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USA IP Information
1. U.S. Copyright Office Implements Online Copyright Application System
The U.S. Copyright Office recently implemented its Electronic Copyright Office ("eCO") Online System for filing online copyright applications. This allows provision of faster application processing times and online status tracking with low cost ($35). For detail please access http://www.copyright.gov/eco/
In Kuney v. Bean (BayState v. Bowers) (Fed. Cir. 2008), CAFC leads on the District Court to open the documents which are not open to the public because it found that the lower court had abused its discretion. For detail please access http://www.cafc.uscourts.gov/opinions/08-1204.pdf
According to Ex parte Fu, Appeal No. 2008-0601, 2008 WL 867826 (BPAI March 31, 2008) to which case KSR is applied and the BPAI found it obvious to substitute one species for its genus where the genus contains a limited number of species. For detail please access http://www.uspto.gov/web/offices/dcom/bpai/prec/fd080601.pdf
According to Ex parte Wasynczuk (BPAI June 2, 2008), it is found that computer method claims were patentable subject matter because they recite a process that employs one of the other statutory categories, whereas, the computer implemented system claims were not patentable subject matter because they did not recite a particular machine implementation. For detail please access http://www.uspto.gov/web/offices/dcom/bpai/its/fd081496.pdf
According to Ex parte Ghuman, Appeal No. 2008-1175 (BPAI May 1, 2008), it is found that rejected claims that are not appealed are considered withdrawn and are subject to cancellation by the examiner. For detail please access http://www.uspto.gov/web/offices/dcom/bpai/prec/rm081175.pdf
According to Ex parte Kim (BPAI May 29, 2008), the indefiniteness rejection is affirmed based on the ground that PTO will not assume a particular meaning of claim terms without some factual or rational basis). For detail please access http://www.uspto.gov/web/offices/dcom/bpai/its/fd073980.pdf
According to Ex parte Letts, Appeal No. 2007-1392, 2008 WL 275515 (BPAI January 31, 2008), it is found that applicant may not conditionally withdraw a claim on appeal. For detail please access http://www.uspto.gov/web/offices/dcom/bpai/prec/fd071823.pdf
According to Ex parte Langemyr (BPAI May 28. 2008), it is found that mathematical manipulations of data do not become eligible subject matter even when they are performed on a computer and are outputted to a display. For detail please access http://www.uspto.gov/web/offices/dcom/bpai/its/fd081495.pdf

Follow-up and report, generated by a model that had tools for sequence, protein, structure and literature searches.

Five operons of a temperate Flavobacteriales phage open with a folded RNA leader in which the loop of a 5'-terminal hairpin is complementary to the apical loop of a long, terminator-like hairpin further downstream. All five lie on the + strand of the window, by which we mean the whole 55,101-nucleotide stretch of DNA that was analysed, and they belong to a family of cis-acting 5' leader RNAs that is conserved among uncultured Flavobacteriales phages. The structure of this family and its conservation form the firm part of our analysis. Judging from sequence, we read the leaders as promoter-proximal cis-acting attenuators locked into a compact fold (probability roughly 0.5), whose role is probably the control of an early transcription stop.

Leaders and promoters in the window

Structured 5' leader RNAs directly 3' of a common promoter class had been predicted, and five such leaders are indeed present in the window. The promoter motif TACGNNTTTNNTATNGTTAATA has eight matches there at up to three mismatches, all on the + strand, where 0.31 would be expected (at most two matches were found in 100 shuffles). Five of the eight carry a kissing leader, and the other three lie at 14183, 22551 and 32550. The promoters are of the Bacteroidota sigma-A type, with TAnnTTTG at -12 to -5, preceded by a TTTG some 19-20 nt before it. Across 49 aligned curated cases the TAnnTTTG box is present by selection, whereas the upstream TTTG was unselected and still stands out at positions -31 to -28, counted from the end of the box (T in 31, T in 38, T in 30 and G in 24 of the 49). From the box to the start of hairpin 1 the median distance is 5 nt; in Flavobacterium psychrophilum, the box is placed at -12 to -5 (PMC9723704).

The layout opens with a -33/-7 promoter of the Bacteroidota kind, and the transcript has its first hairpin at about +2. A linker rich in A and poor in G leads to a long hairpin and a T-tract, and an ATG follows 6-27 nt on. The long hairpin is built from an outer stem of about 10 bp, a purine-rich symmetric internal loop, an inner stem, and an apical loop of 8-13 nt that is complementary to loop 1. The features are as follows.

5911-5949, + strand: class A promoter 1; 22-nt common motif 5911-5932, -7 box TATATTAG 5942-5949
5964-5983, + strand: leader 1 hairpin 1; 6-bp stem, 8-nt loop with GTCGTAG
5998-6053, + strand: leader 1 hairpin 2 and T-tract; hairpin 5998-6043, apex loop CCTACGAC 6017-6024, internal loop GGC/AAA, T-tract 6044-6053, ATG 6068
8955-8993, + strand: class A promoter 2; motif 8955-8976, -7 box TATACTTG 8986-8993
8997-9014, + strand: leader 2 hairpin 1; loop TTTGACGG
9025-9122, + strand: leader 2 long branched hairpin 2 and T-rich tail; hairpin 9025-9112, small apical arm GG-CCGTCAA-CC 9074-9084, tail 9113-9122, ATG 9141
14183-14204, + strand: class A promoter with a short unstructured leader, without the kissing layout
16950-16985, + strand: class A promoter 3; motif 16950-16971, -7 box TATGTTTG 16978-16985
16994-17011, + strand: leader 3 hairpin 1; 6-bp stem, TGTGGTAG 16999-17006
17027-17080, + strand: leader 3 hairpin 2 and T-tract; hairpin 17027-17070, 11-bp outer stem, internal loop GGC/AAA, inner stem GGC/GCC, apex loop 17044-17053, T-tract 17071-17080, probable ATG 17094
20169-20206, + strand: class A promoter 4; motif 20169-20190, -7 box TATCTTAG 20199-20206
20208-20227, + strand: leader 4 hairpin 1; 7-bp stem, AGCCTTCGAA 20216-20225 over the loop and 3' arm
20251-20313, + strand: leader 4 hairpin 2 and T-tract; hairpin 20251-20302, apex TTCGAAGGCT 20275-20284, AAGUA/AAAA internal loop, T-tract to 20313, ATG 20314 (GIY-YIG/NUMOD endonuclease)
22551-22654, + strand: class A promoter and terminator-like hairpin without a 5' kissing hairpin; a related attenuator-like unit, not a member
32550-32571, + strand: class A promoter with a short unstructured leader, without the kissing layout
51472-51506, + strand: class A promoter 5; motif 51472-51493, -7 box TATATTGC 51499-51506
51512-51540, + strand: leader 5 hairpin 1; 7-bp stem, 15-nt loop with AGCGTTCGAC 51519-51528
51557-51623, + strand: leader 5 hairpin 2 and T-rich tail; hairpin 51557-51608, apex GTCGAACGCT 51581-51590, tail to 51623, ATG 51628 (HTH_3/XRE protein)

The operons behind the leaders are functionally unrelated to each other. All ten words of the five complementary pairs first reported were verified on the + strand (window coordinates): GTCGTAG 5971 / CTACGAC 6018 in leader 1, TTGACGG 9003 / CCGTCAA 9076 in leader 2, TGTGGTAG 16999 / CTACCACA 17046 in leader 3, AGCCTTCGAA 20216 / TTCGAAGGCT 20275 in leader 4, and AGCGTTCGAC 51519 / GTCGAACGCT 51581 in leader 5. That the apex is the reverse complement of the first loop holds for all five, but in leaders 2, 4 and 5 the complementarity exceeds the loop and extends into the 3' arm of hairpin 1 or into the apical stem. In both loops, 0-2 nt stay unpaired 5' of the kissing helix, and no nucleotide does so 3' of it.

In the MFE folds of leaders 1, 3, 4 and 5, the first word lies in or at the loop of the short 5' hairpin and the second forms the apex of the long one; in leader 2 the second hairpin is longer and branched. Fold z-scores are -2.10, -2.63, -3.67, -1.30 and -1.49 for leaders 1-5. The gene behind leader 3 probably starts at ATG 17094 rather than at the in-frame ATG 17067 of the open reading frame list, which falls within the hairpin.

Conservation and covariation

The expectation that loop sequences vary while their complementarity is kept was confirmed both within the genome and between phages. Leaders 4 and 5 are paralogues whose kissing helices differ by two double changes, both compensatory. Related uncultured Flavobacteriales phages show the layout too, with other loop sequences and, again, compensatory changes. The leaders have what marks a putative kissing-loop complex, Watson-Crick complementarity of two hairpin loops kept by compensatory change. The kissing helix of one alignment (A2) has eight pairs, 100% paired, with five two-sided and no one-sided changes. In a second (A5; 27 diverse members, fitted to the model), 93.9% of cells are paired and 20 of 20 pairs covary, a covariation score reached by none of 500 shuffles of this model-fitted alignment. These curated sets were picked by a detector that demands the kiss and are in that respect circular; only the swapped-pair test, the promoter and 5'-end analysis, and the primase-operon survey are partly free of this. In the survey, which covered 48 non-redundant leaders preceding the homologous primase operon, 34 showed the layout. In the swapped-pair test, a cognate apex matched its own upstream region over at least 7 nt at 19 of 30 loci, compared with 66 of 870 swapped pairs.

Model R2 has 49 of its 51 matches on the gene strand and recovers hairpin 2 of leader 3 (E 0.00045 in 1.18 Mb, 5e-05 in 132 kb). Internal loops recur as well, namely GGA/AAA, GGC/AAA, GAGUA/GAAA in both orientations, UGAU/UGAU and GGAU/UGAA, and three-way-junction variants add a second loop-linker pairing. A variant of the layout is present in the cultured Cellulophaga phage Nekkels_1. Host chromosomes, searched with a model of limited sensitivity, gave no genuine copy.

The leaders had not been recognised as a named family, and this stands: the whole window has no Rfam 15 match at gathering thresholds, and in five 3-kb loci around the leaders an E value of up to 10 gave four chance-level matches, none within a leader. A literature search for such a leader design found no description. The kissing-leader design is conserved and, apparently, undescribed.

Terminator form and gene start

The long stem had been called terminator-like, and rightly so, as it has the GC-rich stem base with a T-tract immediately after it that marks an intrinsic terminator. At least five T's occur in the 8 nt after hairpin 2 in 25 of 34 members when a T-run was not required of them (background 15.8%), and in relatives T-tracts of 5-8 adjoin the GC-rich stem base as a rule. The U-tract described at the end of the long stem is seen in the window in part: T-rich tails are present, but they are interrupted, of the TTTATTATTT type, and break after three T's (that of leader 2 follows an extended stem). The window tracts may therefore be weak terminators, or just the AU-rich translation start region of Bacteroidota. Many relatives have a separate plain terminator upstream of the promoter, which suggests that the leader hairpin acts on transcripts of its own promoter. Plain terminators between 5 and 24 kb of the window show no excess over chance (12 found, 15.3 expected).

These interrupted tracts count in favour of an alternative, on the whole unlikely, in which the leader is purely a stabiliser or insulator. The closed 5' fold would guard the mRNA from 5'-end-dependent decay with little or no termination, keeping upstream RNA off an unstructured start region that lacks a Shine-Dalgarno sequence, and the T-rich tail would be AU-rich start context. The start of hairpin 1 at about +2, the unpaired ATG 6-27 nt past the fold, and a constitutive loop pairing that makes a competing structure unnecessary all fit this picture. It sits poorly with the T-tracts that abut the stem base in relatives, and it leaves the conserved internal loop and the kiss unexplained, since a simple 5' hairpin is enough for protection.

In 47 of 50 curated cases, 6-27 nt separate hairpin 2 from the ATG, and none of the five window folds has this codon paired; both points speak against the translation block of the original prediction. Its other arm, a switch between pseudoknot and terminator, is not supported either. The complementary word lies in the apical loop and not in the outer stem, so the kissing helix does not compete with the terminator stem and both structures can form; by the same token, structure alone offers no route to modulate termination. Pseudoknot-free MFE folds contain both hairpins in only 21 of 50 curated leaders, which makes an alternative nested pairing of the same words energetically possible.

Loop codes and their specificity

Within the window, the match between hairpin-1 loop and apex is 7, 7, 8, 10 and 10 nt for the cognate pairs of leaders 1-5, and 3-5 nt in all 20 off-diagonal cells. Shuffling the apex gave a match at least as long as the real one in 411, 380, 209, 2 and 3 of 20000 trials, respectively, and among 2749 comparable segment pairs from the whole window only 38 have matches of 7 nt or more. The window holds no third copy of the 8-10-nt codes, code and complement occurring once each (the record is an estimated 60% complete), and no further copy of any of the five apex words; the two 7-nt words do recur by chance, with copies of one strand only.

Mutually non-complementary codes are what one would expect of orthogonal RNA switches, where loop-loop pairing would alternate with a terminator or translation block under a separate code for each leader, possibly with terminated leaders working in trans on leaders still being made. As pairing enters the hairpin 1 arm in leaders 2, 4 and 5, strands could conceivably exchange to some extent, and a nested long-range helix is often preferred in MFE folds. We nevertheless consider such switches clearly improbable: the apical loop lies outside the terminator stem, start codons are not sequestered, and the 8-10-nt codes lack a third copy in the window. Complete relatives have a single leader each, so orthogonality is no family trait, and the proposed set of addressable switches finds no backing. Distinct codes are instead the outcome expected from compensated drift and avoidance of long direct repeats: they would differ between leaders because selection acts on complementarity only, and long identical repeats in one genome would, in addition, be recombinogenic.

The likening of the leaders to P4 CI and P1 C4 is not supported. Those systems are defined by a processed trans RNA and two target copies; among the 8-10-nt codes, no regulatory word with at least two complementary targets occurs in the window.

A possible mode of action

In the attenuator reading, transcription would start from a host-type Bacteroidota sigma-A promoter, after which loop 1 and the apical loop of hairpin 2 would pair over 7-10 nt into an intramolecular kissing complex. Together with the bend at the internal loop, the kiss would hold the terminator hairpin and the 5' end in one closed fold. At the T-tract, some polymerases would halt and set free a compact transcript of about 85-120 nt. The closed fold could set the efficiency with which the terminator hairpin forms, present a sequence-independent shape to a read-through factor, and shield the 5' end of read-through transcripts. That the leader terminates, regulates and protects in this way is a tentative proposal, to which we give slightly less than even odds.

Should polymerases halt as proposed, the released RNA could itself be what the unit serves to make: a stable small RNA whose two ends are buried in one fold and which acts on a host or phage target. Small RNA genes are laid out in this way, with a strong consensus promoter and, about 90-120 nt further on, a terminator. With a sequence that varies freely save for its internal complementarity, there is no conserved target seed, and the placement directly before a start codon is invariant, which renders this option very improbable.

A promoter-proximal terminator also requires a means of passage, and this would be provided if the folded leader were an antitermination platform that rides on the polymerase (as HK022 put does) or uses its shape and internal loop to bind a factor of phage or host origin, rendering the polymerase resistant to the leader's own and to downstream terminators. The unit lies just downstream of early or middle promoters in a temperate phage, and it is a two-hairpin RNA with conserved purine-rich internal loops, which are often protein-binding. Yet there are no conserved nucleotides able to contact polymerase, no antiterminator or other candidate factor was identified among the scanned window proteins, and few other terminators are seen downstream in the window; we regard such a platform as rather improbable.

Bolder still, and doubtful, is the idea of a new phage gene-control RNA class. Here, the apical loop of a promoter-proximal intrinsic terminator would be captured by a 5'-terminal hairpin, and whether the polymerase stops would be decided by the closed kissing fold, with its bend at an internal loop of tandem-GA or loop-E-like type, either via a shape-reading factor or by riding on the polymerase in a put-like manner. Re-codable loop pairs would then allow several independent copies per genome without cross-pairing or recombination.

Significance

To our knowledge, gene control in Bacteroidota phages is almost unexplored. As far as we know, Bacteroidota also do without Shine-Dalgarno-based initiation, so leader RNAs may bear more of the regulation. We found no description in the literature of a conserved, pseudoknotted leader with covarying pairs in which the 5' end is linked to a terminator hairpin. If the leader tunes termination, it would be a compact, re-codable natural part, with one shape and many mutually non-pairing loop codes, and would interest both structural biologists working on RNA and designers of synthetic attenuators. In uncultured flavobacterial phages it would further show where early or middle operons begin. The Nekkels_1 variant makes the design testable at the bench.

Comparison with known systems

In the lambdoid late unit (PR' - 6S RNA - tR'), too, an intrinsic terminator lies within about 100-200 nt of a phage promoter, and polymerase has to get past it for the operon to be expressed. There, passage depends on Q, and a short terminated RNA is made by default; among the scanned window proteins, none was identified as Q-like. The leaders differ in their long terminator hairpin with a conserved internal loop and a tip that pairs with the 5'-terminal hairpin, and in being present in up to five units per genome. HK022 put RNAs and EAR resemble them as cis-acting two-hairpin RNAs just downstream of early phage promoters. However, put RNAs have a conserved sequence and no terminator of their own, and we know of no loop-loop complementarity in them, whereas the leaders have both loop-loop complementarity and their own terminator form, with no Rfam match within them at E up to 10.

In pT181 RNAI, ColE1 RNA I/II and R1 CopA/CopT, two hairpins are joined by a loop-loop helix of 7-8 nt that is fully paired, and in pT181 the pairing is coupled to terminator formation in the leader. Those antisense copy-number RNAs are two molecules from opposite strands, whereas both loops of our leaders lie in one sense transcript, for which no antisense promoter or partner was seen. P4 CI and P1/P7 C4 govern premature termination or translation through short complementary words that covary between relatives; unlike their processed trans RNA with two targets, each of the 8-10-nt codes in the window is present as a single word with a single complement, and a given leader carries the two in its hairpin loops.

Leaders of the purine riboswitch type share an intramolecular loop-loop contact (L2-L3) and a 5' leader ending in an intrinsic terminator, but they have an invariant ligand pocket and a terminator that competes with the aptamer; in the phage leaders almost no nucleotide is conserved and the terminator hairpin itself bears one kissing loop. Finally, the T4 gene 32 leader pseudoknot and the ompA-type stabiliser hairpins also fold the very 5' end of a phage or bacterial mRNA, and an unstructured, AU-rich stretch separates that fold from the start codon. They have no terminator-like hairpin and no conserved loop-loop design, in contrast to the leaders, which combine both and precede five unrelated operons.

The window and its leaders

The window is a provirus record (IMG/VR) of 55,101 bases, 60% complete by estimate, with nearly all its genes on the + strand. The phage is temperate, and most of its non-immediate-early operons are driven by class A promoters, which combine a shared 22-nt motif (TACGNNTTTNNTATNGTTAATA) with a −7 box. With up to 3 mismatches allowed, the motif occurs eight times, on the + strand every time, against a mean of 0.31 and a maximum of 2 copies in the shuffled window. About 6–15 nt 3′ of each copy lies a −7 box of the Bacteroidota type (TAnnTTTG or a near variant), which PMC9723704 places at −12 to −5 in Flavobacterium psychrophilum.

4. Triway Pilot Program
AIPLA announced on July 14, 2008 that the USPTO, EPO, and JPO agreed on the triway pilot program in which the worksharing between the three PTOs. The USPTO will launch July 28th for one year period so as to reduce the overlapping of the searching operations among the three PTOs, to improve the examination services, and to complement the exsisting Patent Prosecution Highway Program. Plant patent applications, design patent applications, re-issue patent applications, and provisional applications will be excluded from this program.
Triway Pilot Program will be applied to maximum 100 patent applications which are first filed in US and are then filed in JP and EP. The USPTO intends 10-15 cases for each technical field so that the program is not applied to specific technical fields. Please access in detail http://www.uspto.gov/web/offices/pac/dapp/opla/preognotice/triway_pilot_07152008.pdf.
5. Ebay Overcomes Tiffany’s Trademark Challenge
In a recent decision with respect to a case filed by Tiffany & Co. four years ago, the U.S. District Court for the Southern District of New York ruled that Ebay Inc. was not liable for the sale of counterfeit Tiffany’s products on its website. The U.S. District Court held that Tiffany’s failed to satisfy its burden on direct and contributory trademark infringement, unfair competition, false advertising, and direct and contributory trademark dilution, which were asserted because eBay facilitated and allowed counterfeit items to be sold on its website. Please access in detail http://www1.nysd.uscourts.gov/cases/show.php?db=special&id=84.
The CAFC clarified its position on method claim infringement in Muniauction, Inc. v. Thomson Corp. The patent was directed to electronic methods for conducting 'original issuer auctions of financial instruments, i.e., methods for performing auctions for original-issuer municipal bonds over the Internet.
The CAFC"s non-infringement decision was based on its determination that no single party performs every step of the asserted claims, coupled with the further rubric that a method claim can only be infringed if all steps of the claimed method are performed (see BMC Resources, Inc. v. Paymentech, L.P., 498 F.3d 1373 (Fed. Cir. 2007)). Some steps of the claimed methods were performed by the bidder, while others were performed by the auctioneer"s computer system. Thus, the Federal Circuit opined, the issue was whether the actions of at least the bidder and the auctioneer may be combined to amount to infringement by the auctioneer. Please access in detail http://www.cafc.uscourts.gov/opinions/07-1485.pdf.